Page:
Roohi is out today for the Bollywood litmus test

Roohi, the first Hindi language film with a star cast to hit the cinemas today after the covid-19 lockdown, had aroused tremendous expectations in the minds of theatre goers. However, the first-day reviews are a mixed bag.

Sayani Das

On Wednesday, Mint speculated that the horror comedy could be “the litmus test for the ailing exhibition industry starved of Bollywood movies for a long time.” While the bars were set high by industry experts, the general audience, too, expected another hit from the makers of the 2018 hit film Stree. The earlier movie had made close to  ₹130 crore in box office collections.

The Rajkumar Rao and Janhvi Kapoor-starrer had heightened the expectations of Bollywood lovers  even as the trailer, which was released on February 16, started with the inter-title “The magic of cinema returns”. For the audience that grasped that Roohi is based in the same haunted, small-town world as the earlier horror comedy, which had also featured Rao, the film could have meant a chance to relive yet another Bollywood thrill.

 However, media outlets and Twitter accounts are rushing forth with a mixed bag of reviews from the first-day audience of the show. According to The Week magazine, the makers have failed in their task if they had intended it as a horror comedy. The reviewer admits that “only the first few minutes in the first half of the film are a laughter riot and the entire credit for it goes to the stellar performances by the two leading men—Rajkummar… and Varun Sharma.” However, as the review says, the film drags after those first bursts of glimmer and comments about the “very shoddy script and confusing direction”.

However other reviews have been more generous. Mohar Basu, who reviewed the film for Mid-day, understood that the  audience of Roohi could “be a victim of their own hopes”. Nevertheless, the film is funny, with Varun Sharma taking on the reins of the humour element in the film. “But the social layering of the film, which Stree executed wonderfully, is considerably underplayed. Despite chills and thrills galore, Roohi falls short on the smarts.”

Twitter users are also divided in their opinion. Some are lashing out at the film as a complete waste of time and energy, not only for the movie-goer but also for the production team. But there are also those who are all in praise of the charm that the actors have women through the 180 minutes.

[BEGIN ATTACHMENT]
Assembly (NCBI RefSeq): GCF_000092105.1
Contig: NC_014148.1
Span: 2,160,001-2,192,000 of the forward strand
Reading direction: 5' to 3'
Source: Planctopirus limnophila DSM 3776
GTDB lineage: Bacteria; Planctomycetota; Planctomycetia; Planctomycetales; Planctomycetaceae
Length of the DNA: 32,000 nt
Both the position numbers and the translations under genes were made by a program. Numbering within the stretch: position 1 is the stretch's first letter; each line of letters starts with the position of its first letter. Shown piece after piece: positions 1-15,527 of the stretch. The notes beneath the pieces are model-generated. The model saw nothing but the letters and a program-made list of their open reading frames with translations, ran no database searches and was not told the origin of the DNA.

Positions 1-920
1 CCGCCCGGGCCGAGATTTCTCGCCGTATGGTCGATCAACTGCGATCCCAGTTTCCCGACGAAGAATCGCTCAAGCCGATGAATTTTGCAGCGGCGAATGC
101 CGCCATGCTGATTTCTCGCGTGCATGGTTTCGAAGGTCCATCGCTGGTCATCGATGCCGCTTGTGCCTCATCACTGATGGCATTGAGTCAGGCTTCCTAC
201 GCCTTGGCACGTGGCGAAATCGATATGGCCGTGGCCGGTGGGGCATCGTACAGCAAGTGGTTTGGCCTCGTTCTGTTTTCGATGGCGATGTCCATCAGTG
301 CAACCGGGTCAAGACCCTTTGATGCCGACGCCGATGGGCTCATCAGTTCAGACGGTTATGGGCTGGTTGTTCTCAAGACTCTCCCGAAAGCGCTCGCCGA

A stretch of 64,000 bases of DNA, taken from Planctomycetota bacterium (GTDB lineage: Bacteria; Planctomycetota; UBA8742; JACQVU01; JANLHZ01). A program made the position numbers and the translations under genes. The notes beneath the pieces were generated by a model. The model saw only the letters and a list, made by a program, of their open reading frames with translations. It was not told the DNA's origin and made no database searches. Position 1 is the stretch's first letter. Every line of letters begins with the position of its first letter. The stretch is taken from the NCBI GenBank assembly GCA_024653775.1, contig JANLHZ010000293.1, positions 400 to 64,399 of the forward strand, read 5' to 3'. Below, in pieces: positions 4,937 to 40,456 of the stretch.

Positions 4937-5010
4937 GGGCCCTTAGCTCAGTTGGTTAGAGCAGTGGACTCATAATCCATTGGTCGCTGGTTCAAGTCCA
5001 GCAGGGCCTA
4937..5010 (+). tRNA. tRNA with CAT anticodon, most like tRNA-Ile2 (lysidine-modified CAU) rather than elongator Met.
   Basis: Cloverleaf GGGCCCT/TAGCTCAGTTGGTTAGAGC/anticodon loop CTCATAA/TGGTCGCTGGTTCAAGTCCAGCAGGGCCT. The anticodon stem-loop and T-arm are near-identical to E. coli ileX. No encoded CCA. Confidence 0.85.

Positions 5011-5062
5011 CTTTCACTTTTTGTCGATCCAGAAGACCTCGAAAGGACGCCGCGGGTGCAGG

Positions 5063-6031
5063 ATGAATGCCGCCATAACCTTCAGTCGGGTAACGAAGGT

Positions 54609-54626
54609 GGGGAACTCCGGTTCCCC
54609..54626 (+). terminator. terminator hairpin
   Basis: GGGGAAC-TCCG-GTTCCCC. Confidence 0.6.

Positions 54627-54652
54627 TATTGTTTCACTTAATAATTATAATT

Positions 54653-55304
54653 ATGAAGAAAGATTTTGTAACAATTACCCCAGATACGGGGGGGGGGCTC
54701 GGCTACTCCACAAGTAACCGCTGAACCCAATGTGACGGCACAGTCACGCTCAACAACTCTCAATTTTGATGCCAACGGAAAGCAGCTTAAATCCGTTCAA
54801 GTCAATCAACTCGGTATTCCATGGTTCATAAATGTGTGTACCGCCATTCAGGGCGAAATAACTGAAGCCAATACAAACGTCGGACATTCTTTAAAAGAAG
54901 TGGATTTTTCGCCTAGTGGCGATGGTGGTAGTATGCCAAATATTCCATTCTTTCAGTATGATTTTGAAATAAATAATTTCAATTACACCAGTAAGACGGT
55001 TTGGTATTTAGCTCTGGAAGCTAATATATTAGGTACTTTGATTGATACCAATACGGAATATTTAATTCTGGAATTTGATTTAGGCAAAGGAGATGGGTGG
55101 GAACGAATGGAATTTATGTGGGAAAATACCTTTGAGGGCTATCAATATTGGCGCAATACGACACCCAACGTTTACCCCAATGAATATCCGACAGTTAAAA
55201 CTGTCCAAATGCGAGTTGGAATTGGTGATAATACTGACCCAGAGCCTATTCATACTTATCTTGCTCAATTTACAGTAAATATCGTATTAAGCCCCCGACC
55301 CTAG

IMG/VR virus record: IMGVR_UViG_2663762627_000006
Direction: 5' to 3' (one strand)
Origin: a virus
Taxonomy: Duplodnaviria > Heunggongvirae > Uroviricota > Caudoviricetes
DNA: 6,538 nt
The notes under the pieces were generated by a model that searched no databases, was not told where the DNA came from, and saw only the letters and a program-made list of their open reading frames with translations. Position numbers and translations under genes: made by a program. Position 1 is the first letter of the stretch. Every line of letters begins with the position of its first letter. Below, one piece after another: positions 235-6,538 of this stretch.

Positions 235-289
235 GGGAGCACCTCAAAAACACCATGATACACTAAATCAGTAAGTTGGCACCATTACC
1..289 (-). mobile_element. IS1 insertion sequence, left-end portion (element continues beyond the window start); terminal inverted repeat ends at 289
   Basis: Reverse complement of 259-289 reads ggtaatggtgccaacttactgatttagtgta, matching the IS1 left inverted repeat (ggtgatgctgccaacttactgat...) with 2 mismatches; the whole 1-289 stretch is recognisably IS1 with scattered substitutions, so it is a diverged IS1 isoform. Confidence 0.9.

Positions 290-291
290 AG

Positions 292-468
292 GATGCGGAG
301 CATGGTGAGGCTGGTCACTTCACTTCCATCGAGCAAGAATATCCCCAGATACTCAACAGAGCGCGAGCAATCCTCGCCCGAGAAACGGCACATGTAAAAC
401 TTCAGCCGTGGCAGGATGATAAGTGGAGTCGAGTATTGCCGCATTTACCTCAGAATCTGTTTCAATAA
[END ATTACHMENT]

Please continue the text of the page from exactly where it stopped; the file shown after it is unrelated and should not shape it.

The film is set in the fictitious town Bagadpur where a tradition of “pakad shaadi” (marriage after abduction) is prevalent. The two lead male characters are commissioned to kidnap Jahnvi aka Roohi and they later realise that this woman has two sides to herself — the docile Roohi and the witch Afza. While this point can be justified as a representation of a split personality disorder, the plot, however, cannot be excused of being slack. As Basu puts it, “The script has far too many inconsistencies that no amount of good acting and great direction can iron out.”

But, with the release of Roohi, more is at stake than the sole craftwork of commercial filmmaking. As Mint reports, the theatre business could have dipped by 67% in 2021 with more than 1,000 cinemas to have shut down. In such a market, Roohi would have to start small despite eyeing a screen-count of 1,500. The Bollywood industry , with its lie-up of films to be released post-Roohi is waiting to gauge this film’s performance in order to further proceed with trade and box office calculations
Atul Mohan, editor of trade magazine Complete Cinema, told Mint that “depending on its performance, producers will get a sense of where the industry is headed and how feasible it is to release Hindi films in cinemas.”

(with media inputs)